I've already made my plans though. Big fan of what this series could have been.
post #10 of 137
I'm seeing a lot of reviews suggesting Rush remains the MVP, and there's more of him than expected. That's nice!
post #11 of 137
It can't possibly be worse than Stranger Tides. No way.
post #12 of 137
I thought Dark Shape said this was good.
post #13 of 137

Even the negative reviews are getting me excited for this movie.  That's how much I still enjoy this series.

post #14 of 137
Thread Starter 
Quote:
Originally Posted by Bradito View Post

I thought Dark Shape said this was good.


I said I liked it, just as I liked DEAD MAN'S CHEST and AT WORLD'S END, and those also came in rotten at RT.

post #15 of 137
Will I like it?
post #16 of 137
Thread Starter 

How sexually attracted are you to Geoffrey Rush

post #17 of 137
The normal amount, I guess.
post #18 of 137
Thread Starter 

Go to the El Capitan covered in lubricant.

post #19 of 137
This better not be a trick!
post #20 of 137
It's all spectacle, but it's fun spectacle.
post #21 of 137
Me covered in lubricant?
post #22 of 137

you wearing spectacles

post #23 of 137

I've been watching the series, as build up to the new one! And what a chore it's become!

 

The original is still surprising in how good it is. Everything you could want from a film of this type. It absolutely breathes personality, and even at a longish running time, always keeps moving from one good scene to the next. Depp is loads of fun, as is Rush. You can really tell why Keira Knightley continues to work, and why Orlando Bloom does not. The only thing that doesn't hold up are the effects, which I recall being great at the time. Now, they're basically snapchat overlays. But it doesn't matter. Still really fun.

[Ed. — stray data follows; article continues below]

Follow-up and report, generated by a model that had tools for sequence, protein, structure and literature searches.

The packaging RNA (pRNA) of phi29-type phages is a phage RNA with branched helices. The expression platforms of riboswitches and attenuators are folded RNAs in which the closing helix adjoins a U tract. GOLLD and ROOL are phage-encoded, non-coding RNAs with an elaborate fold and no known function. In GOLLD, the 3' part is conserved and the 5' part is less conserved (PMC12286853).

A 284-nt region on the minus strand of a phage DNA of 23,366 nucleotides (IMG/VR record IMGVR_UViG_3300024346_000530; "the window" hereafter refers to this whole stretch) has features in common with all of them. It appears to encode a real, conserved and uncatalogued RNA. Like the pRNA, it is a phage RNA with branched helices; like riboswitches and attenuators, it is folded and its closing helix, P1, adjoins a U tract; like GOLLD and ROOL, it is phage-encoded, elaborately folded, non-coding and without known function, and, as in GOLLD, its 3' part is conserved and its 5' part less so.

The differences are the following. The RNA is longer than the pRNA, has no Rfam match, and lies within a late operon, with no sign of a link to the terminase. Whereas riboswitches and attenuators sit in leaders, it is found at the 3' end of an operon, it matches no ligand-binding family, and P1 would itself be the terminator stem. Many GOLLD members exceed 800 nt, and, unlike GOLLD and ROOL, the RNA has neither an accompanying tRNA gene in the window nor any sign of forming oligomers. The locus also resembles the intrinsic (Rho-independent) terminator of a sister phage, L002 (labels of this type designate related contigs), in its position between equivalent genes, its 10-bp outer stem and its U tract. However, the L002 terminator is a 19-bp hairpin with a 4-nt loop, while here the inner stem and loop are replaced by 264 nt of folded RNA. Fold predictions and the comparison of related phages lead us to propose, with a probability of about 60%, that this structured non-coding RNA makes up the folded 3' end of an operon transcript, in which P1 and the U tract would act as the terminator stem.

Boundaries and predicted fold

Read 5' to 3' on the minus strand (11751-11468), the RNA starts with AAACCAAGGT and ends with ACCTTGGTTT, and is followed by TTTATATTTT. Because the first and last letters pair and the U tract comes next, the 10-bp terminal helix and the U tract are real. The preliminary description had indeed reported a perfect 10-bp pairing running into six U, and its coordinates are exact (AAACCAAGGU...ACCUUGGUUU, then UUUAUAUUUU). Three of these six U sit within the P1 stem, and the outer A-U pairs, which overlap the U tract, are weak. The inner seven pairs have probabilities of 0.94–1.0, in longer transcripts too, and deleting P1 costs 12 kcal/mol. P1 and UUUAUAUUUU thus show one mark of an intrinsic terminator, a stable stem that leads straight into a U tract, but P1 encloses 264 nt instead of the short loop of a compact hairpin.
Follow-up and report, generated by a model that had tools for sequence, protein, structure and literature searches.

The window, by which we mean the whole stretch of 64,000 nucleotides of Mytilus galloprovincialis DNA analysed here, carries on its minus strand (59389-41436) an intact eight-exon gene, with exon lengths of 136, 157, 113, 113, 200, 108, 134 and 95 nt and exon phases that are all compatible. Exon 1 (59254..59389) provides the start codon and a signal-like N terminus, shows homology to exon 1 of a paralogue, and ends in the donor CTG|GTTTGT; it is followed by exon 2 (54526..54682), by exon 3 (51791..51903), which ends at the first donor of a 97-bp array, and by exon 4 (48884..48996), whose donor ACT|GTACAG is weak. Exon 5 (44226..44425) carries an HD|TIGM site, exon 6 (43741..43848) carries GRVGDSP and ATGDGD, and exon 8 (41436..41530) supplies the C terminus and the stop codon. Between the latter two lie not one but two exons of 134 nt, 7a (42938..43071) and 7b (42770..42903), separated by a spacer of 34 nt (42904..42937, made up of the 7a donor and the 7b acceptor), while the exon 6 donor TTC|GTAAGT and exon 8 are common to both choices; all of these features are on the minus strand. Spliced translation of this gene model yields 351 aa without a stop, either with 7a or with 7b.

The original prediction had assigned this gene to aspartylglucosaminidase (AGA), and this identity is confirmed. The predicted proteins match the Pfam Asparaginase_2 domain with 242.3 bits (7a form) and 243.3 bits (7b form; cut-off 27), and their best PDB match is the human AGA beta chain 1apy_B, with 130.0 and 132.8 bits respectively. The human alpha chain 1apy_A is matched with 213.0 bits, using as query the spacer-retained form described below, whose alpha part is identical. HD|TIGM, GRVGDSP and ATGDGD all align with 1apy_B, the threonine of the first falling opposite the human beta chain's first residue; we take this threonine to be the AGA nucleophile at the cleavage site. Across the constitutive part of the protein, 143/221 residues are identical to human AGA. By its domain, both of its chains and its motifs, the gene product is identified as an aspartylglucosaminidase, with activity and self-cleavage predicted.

Dead Man's Chest is not as good as I remember, mostly because of all the mechanisms that force it into being only half a story. There's an excellent movie in here that's been pretzeled into too many goddamn things, all of which are not equal. The Davy Jones/Kraken stuff is all terrific, and those effects are actually quite terrific. But the Jack/Will/Elizabeth stuff is all overthought and overcomplicated. At World's End is still bad, which is very disappointing, because it has a lot of nice elements in it. The opening hour has a lot of neat weird sequences, and even if it doesn't make sense, strictly speaking, or move the narrative forward in a smart way, it's all unique and Verbinski directs the hell out of it. Then the last two hours (!!) happen, and it becomes so wildly anemic and pointless that it angered me. The attempts at comedy, for example, are particularly labored and unsuccessful, which is something this film really had on lock in the first entry. At least Rush is back.